France Makes First Showing At World Baseball Classic

When you think about France, baseball doesn't leap to mind, but the sport has a long history there, dating back to 1889. During World War I, French soldiers played baseball with American doughboys. And now there is a French baseball league. But the games are never televised and the fans are mostly friends and family. But this week, for the first time, France sent its top team to the qualifying matches for the World Baseball Classic, a tournament that was created when baseball ceased to be an Olympics sport. For many on the French team, this is the closest they will ever get to professional baseball.

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From football now to baseball. Ever since the sport was withdrawn from the Olympic Games in 2005, teams from around the world have come together every four years to compete in the World Baseball Classic. The tournament, which includes both amateur and pro athletes, will be held in the U.S. next March. Qualifying matches are taking place this week in Jupiter, Florida, and for the first time, the French team is competing. NPR's Eleanor Beardsley sent this postcard about the struggle to play baseball in a country where it's anything but the national pastime.

(SOUNDBITE OF BASEBALL PRACTICE)

ELEANOR BEARDSLEY, BYLINE: The French national baseball team warmed up recently on a field in the Normandy town of Rouen. Anthony Cross grew up playing the game in his southern hometown of Montpellier. Cross says playing baseball is a challenge in France.

ANTHONY CROSS: It's not easy. You know, you don't get the nice fields with grass. You just get a dirt field. If you've got a fence, then fences all around the field, then you're really lucky.

BEARDSLEY: Cross' Canadian mother gave him a taste for the game early on, he says. Otherwise, he would have played soccer like the rest of the kids. Cross, like all young French baseball players, dreamed of going to North America to play. After high school at a special French sports academy, he did play four years of college ball in Oklahoma and then played a year in an independent pro league in Canada. Now, he's excited to play for team France. Teammate Boris Marche says playing in the classic is a great opportunity.

BORIS MARCHE: It's a wonderful experience for French baseball, like, in general, and a wonderful experience for the players because they're going to, like, be the closest they can get to professional baseball. And it's a good occasion for us to let people know in France that we have baseball here, and we can play and be competitive.

BEARDSLEY: Both Cross and Marche play for the Rouen Huskies, the best team in the French league, which won the national championship again this year.

UNIDENTIFIED GROUP: Rouen, Rouen, Rouen.

BEARDSLEY: Their fans might sound rowdy here as they chant Rouen, Rouen, but most are actually the friends and family of players. And even playoff games like this are barely covered by the local media. French amateur baseball teams depend on funding from local and regional governments and some sponsorships. The league's regular season lasts 28 games, all played in weekend doubleheaders because the players earn only small stipends and have to work. To put it simply, French players don't get enough time on the field, says Francois Collet, with the French Federation of Baseball and Softball.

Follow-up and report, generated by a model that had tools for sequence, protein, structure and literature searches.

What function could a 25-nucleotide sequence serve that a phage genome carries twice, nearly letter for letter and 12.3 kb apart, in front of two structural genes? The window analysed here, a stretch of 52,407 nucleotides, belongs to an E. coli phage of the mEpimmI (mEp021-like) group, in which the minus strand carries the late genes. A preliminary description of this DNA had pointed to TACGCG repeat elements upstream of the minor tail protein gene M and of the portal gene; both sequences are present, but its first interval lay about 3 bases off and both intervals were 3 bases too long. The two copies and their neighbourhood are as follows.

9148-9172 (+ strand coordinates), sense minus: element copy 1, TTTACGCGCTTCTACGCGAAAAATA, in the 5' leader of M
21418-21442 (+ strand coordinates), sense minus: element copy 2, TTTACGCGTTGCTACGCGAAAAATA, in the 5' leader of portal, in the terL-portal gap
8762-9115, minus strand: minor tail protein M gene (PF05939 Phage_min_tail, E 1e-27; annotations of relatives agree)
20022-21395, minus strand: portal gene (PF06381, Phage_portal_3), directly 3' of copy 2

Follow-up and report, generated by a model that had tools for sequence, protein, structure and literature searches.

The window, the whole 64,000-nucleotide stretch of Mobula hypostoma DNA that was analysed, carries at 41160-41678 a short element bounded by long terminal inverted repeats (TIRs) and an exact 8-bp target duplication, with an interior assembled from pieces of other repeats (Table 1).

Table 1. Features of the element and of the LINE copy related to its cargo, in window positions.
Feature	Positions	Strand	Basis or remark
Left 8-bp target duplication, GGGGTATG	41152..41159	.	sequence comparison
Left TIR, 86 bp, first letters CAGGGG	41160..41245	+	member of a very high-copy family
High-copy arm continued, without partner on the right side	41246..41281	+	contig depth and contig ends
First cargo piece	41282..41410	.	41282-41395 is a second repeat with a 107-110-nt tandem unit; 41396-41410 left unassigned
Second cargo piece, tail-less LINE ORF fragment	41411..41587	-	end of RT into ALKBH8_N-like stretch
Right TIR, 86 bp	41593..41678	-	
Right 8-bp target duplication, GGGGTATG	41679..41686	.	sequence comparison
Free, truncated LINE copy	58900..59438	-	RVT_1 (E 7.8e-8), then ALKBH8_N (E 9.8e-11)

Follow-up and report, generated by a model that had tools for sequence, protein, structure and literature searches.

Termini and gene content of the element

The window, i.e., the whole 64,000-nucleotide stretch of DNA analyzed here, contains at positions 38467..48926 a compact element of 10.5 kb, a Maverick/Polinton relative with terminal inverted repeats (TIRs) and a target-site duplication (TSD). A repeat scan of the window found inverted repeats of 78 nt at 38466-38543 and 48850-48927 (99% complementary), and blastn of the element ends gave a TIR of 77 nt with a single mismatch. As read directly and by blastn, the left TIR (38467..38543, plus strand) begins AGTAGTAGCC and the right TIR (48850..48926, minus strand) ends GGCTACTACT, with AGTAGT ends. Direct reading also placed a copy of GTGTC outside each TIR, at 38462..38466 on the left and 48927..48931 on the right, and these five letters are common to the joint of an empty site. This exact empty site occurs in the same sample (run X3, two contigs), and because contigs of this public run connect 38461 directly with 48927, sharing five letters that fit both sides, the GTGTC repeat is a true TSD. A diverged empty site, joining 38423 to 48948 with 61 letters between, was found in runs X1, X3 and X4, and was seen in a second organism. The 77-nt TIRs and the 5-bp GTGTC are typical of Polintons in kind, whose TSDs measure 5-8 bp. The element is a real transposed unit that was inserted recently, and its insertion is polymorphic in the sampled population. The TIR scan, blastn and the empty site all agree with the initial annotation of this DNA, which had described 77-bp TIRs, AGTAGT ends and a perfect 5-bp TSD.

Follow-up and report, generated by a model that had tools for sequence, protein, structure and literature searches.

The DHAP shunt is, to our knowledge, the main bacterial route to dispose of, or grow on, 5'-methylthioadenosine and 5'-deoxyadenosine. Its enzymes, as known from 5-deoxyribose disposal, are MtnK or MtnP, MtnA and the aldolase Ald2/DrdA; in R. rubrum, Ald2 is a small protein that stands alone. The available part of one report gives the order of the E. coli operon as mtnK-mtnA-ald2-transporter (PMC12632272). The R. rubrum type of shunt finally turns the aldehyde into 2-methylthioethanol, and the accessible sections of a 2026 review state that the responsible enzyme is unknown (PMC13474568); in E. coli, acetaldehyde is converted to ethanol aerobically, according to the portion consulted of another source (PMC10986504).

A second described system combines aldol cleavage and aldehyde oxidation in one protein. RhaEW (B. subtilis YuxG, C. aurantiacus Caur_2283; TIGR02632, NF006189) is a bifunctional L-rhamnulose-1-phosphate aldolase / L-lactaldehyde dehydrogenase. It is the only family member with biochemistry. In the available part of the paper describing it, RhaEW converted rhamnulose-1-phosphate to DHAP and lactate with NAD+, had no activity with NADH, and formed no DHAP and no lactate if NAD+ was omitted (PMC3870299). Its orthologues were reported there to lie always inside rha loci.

FRANCOIS COLLET: If players don't get the opportunity to go abroad, like in the United States, for a scholarship, then they have to keep playing baseball in France, but they have to work. And they're just playing on Sunday, and then they don't develop anymore as players.

BEARDSLEY: Collet says many of the best players between the ages of 18 and 20 end up quitting because it's too difficult to play. He says the key to attracting young players is getting baseball into school phys ed classes, but there aren't enough coaches. There aren't enough fields either, says Collet, because many cities are loathed to grant land for a complicated and obscure sport that takes up twice the space of a soccer field. And, says Collet, culture could also have something to do with baseball's slow progress in France.

COLLET: You know, the relationship between France and America is kind of I don't like you, I like you, I don't like you, and maybe the fact that it's an American game, maybe some French don't like it at all. I don't know, maybe.

BEARDSLEY: Still, baseball has a long history in France. The game was introduced to the country the same year as the Eiffel Tower in 1889 at the Universal Exposition. French soldiers played it in World War I in an effort to make the American doughboys feel welcome. Things were going well until a German U-boat sank a boatload of equipment coming from the U.S. But the game's popularity here lags behind other European countries. That's understandable, says Petie Kladstrup, who, with her husband, Don, is writing a book about baseball in France.

PETIE KLADSTRUP: In Germany, there is a bigger American presence with American air bases, American military implants. In Italy, for instance, there was a guy named DiMaggio, who inspired a lot of Italians to take up the sport. And the problem in France is partly that there is no big star.

(SOUNDBITE OF BASEBALL PRACTICE)

BEARDSLEY: Players here keep hoping that one day a superstar will emerge and rescue French baseball from obscurity. Eleanor Beardsley, NPR News.

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CORNISH: And tonight, France is losing its qualifying game for the World Baseball Classic. Spain is up 8-0 in the ninth inning.

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